Me, Popcorn and the Oscars: Final Oscar Predictions

Best Picture

  1. Arrival
  2. Fences
  3. Hacksaw Ridge
  4. Hell or High Water
  5. Hidden Figures
  6. La La Land
  7. Lion
  8. Manchester by the Sea
  9. Moonlight
  • Who should win? La La Land
  • Who I want to win? Arrival
  • Who will win? La La Land. OR, Moonlight might come in, and seduce everyone with their black cast and the gay themes and the drugs. The Oscars do love all that, especially to prove the point that they are not “so white”.  Which sadly, even with a story about Jazz, La La Land is (a very white story). The only thing La La Land could’ve done better was to change Ryan Gosling for a black guy.
  • Which was the biggest snub? Silence.

Best Director

  1. Damien Chazelle (“La La Land”)
  2. Barry Jenkins (“Moonlight”)
  3. Kenneth Lonergan (“Manchester by the Sea”)
  4. Mel Gibson (“Hacksaw Ridge”)
  5. Denis Villeneuve (“Arrival”)
  • Who should win? Denis Villeneuve or Damien Chazelle
  • Who I want to win? Denis Villeneuve
    Who will win? Damien Chazelle
  • Which was the biggest snub? Tom Ford (“Nocturnal Animals”).

Best Actor

  1. Casey Affleck (“Manchester by the Sea”)
  2. Andrew Garfield (“Hacksaw Ridge”)
  3. Ryan Gosling (“La La Land”)
  4. Denzel Washington (“Fences”)
  5. Viggo Mortensen (“Captain Fantastic”)
  • Who should win? Casey-Andrew-Denzel
  • Who I want to win? Casey Affleck
  • Who will win? Casey Affleck (although Denzel Washington could steal this one from him if the Oscars go full-on black love)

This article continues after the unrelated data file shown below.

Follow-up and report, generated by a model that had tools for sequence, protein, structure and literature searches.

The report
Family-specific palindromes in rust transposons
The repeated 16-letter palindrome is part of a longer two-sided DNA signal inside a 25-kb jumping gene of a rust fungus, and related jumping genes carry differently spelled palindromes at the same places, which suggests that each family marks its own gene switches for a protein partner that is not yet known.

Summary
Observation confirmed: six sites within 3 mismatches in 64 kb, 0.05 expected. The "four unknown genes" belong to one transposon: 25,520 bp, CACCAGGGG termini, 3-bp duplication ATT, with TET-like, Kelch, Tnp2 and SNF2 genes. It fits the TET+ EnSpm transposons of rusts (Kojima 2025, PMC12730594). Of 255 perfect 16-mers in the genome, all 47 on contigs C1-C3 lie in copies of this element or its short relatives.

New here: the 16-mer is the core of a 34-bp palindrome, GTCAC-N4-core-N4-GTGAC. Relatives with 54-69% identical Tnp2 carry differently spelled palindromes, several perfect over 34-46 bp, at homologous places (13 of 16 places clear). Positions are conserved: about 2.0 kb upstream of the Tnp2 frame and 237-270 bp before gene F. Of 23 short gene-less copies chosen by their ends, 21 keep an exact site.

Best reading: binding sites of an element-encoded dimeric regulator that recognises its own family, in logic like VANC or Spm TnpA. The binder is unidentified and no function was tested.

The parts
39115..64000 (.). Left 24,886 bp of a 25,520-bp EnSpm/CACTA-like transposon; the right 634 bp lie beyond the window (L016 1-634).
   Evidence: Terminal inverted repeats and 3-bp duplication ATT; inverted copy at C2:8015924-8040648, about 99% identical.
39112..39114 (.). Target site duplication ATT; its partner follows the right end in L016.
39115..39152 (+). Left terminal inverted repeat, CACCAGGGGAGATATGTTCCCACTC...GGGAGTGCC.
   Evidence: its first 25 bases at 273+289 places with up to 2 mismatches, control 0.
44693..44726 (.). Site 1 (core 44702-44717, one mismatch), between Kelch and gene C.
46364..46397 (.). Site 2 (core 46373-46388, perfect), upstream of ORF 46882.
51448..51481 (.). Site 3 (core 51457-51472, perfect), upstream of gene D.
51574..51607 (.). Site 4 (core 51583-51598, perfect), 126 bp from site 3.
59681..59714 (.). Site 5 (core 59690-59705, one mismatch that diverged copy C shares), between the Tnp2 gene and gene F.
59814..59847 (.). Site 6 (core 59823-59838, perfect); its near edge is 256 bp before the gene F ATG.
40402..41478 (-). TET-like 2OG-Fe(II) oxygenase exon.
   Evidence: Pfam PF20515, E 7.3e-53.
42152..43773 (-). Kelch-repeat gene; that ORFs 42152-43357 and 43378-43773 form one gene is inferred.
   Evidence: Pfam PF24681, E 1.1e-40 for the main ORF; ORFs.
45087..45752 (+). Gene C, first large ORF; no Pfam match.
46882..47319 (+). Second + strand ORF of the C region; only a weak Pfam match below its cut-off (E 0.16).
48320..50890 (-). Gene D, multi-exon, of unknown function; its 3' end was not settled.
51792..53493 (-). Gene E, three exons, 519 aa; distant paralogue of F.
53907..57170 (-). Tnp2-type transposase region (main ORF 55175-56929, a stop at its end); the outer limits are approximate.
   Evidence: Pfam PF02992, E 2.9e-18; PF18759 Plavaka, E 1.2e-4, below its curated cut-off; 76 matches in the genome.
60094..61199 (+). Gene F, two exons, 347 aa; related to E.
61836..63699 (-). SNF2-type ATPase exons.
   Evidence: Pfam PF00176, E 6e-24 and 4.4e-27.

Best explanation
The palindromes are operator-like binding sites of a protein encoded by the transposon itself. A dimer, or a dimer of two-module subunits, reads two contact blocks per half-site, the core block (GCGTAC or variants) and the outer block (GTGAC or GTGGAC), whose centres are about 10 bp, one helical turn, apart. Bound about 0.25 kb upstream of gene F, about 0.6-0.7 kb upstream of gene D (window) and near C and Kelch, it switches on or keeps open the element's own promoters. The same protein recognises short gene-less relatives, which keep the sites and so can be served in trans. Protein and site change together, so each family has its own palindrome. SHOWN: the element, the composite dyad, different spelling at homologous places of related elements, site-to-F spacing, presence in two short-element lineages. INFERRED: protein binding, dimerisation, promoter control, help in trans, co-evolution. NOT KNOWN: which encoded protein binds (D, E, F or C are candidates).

• Which was the biggest snub? Colin Ferrel (“The Lobster”)

Best Actress

  1. Meryl Streep (“Florence Foster Jenkins”)
  2. Isabelle Huppert (“Elle”)
  3. Natalie Portman (“Jackie”)
  4. Emma Stone (“La La Land”)
  5. Ruth Negga (“Loving”)
  • Who should win? Natalie Portman (she won’t because last time she was nominated she won, and this performance or movie isn’t that great for two wins in a row). Also, Isabelle Huppert was great.
  • Who I want to win? Ruth Negga or Isabelle Huppert.
  • Who will win? If the Oscars move past Isabelle Huppert’s nationality, she’ll win. If the Oscars forget Emma’s age, she might pull a Jennifer Lawrence and win one before her thirties. Or if the Oscars go full-on black love, then Ruth Negga.
  • Which was the biggest snub? Amy Adams was the biggest snub this year. Period. Also, Annette Bening.

Best Supporting Actor

  1. Mahershala Ali (“Moonlight”)
  2. Jeff Bridges (“Hell or High Water”)
  3. Lucas Hedges (“Manchester by the Sea”)
  4. Dev Patel (“Lion”)
  5. Michael Shannon (“Nocturnal Animals”)
  • Who should win? No one. But probably Dev Patel’s performance was the best.
  • Who I want to win?  Michael Shannon.
    Who will win? Mahershala Ali
  • Which was the biggest snub? Everyone that wasn’t nominated and should’ve been.

Best Supporting Actress

  1. Viola Davis (“Fences”)
  2. Naomie Harris (“Moonlight”)
  3. Nicole Kidman (“Lion”)
  4. Octavia Spencer (“Hidden Figures”)
  5. Michelle Williams (“Manchester By the Sea”)
  • Who should win? Viola Davis or Michelle Williams
  • Who I want to win? Either one of them.
    Who will win? Viola Davis
  • Which was the biggest snub? Felicity Jones, but not really.

Best Original Screenplay

  1. “20th Century Women” (Mike Mills)